Colin Farrell caused a rumble when he seemed to diss his own movie in front of thousands of theater owners on Tuesday at the group’s annual CinemaCon convention.
But really, he was taking a knock at himself.
The wisecracking Irishman was there to show off the first footage of his upcoming horror remake Fright Night, as a vicious but bored-to-(un)death vampire who moves into the suburbs next to a suspicious teen (Anton Yelchin). The 34-year-old actor was a big fan of the 1985 cult-favorite, which starred Chris Sarandon in the bloodsucker role, and told the audience of theater owners: “I heard they were remaking Fright Night and went, ‘Ah, god, remake! Hollywood, so dull!’ And I read the script [by Buffy the Vampire Slayer and Mad Men alum Marti Noxon] and really hoped I didn’t like it, and I did. It was fun. But I was a fan of the original. I probably saw it when I was 12 years of age, and loved it.”
Okay, so far, so good. Farrell went on to talk about his friendship with director Craig Gillespie and praised his previous movie Lars and the Real Girl. But then he continued.
“Meself, as a fan of the original, it doesn’t change. I don’t think I’ll have a copy of this version in my library, but I have the original at home,” Farrell said, drawing scattered nervous laughs. “And since [the old film] still exists, maybe this [new] film will bring that film to a whole new audience and maybe some fans of the original, like myself, can enjoy this one as well.”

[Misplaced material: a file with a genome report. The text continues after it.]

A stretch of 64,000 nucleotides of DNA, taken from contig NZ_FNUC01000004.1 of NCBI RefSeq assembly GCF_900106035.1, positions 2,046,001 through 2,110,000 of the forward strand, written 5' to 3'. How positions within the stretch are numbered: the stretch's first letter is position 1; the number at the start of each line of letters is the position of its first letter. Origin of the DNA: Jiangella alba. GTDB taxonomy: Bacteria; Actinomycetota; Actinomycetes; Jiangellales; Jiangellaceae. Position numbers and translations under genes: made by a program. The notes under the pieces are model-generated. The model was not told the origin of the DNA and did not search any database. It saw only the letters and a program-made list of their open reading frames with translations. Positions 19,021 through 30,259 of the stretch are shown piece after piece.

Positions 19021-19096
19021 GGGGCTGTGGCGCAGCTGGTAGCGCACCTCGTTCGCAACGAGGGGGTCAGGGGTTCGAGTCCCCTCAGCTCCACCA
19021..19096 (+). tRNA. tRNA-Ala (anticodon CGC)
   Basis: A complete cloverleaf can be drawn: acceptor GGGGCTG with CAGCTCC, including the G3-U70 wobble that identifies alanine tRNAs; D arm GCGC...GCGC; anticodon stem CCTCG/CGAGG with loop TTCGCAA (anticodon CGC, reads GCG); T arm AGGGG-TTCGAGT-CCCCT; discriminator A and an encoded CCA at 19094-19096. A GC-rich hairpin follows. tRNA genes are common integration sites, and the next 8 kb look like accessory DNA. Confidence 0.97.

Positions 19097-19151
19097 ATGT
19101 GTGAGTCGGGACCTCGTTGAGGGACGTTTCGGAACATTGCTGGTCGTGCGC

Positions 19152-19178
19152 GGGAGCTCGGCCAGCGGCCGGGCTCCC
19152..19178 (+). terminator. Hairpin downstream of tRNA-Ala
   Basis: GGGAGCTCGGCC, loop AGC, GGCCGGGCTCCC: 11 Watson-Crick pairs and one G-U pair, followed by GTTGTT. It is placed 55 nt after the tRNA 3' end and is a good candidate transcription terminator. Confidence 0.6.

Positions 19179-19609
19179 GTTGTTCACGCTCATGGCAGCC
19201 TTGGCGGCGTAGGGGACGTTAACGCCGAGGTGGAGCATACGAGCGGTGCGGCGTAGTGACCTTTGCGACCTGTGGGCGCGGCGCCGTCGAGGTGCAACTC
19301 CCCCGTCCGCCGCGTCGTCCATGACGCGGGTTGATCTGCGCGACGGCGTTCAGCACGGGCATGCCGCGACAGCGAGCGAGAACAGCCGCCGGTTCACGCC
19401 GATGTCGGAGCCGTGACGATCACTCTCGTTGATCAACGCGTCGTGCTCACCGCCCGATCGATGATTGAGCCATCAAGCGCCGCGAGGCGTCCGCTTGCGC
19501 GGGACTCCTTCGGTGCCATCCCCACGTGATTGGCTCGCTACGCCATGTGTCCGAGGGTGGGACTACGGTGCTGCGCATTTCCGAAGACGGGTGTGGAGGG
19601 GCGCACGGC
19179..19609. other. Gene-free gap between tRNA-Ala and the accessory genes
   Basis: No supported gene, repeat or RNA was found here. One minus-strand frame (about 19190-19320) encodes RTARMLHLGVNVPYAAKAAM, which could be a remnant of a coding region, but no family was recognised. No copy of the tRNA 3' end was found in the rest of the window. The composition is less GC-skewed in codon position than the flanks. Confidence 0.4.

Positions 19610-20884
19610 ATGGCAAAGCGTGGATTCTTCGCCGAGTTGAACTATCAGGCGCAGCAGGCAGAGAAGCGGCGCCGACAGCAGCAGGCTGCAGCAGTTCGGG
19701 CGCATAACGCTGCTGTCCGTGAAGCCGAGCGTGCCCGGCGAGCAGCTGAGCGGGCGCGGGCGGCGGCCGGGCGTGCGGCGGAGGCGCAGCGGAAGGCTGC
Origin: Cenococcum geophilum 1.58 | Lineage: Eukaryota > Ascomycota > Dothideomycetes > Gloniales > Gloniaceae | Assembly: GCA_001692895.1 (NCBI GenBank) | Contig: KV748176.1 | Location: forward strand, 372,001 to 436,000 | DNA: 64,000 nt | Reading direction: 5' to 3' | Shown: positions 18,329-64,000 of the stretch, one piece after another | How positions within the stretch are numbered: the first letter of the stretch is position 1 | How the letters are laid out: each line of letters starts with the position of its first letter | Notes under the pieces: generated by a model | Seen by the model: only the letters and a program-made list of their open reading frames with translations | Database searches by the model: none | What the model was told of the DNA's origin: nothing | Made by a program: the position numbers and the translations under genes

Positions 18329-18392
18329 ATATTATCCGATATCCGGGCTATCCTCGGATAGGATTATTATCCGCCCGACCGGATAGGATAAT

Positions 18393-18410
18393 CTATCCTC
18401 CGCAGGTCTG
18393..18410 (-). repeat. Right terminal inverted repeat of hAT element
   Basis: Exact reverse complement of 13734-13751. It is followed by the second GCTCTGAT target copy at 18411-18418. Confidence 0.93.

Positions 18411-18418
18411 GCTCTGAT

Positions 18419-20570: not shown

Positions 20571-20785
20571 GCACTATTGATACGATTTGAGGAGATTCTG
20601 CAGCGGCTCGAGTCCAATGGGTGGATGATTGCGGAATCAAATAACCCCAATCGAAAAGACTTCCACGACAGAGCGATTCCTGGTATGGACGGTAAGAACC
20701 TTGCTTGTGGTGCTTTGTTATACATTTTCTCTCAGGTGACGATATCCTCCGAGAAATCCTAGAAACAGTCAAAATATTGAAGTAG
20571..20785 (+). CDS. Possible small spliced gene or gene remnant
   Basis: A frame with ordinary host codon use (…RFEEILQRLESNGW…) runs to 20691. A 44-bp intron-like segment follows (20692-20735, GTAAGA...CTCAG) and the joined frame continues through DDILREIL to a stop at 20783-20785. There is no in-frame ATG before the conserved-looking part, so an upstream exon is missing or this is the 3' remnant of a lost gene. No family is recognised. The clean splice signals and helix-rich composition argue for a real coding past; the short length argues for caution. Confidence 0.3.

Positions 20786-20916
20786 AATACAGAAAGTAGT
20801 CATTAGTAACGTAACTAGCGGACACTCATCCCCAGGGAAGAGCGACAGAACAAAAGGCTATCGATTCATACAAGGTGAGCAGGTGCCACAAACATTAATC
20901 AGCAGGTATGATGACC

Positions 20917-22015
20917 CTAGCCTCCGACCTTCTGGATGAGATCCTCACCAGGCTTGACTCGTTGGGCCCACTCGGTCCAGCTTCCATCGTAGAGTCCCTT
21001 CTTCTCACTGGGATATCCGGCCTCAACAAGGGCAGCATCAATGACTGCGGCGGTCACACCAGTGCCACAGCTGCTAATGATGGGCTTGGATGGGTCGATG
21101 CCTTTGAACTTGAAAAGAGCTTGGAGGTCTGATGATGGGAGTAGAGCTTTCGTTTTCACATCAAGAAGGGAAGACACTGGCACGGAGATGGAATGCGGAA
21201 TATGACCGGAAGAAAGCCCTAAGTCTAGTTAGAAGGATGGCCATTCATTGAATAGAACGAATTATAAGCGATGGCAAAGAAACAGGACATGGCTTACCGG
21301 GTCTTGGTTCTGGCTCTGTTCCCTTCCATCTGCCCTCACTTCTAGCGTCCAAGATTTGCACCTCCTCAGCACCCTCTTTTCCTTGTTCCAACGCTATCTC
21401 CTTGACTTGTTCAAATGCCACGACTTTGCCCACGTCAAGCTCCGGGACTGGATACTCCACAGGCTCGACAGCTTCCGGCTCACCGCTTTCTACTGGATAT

He then threw it back to Gillespie who said, haltingly, “There are … other actors in the film, as well,” garnering more chuckles from the crowd.
Backstage, Farrell was kicking himself. “Yeah, I knew that would be picked up!” he told EW. “What I meant was [I wouldn't own it] because I’m in the f—ing thing!” He said he cringes when he watches himself. “It’s always uncomfortable.” Even his sister said “D’oh” to Farrell after hearing what he said onstage. But the actor says he’s a fan of the new Fright Night now, too. He endured watching himself in the film, and said he “enjoyed the romp that it was for two hours.”
Fright Night comes out Aug. 19, and Gillespie says true vampire fans will enjoy seeing their favorite creatures be true monsters again. “There’s an extremeness to the vampires in the original Fright Night, and we wanted to keep that in this,” said the director. “This is not a Twilight, or a romantic thing. This is almost like a vicious, sexual predator.”
Farrell showed a cell phone image of himself in full-on creature make-up with stringy white hair, knotted face, and blood-soaked, razor-sharp jaws. The idea is the more angry or threatened the vampire, the more of a fiend it becomes.
Jerry, Farrell’s character, is many centuries old and has a laid-back attitude about killing. In footage previewed at CinemaCon, he casually digs a hole in a family’s backyard, yanks their gas pipe from the ground, filling their house with fumes and igniting it in a fireball — all to force them from the home so he can prey on them. He does it all as lackadaisically as someone taking out the trash.
“He’s very, very practically minded, just to survive,” Farrell laughs.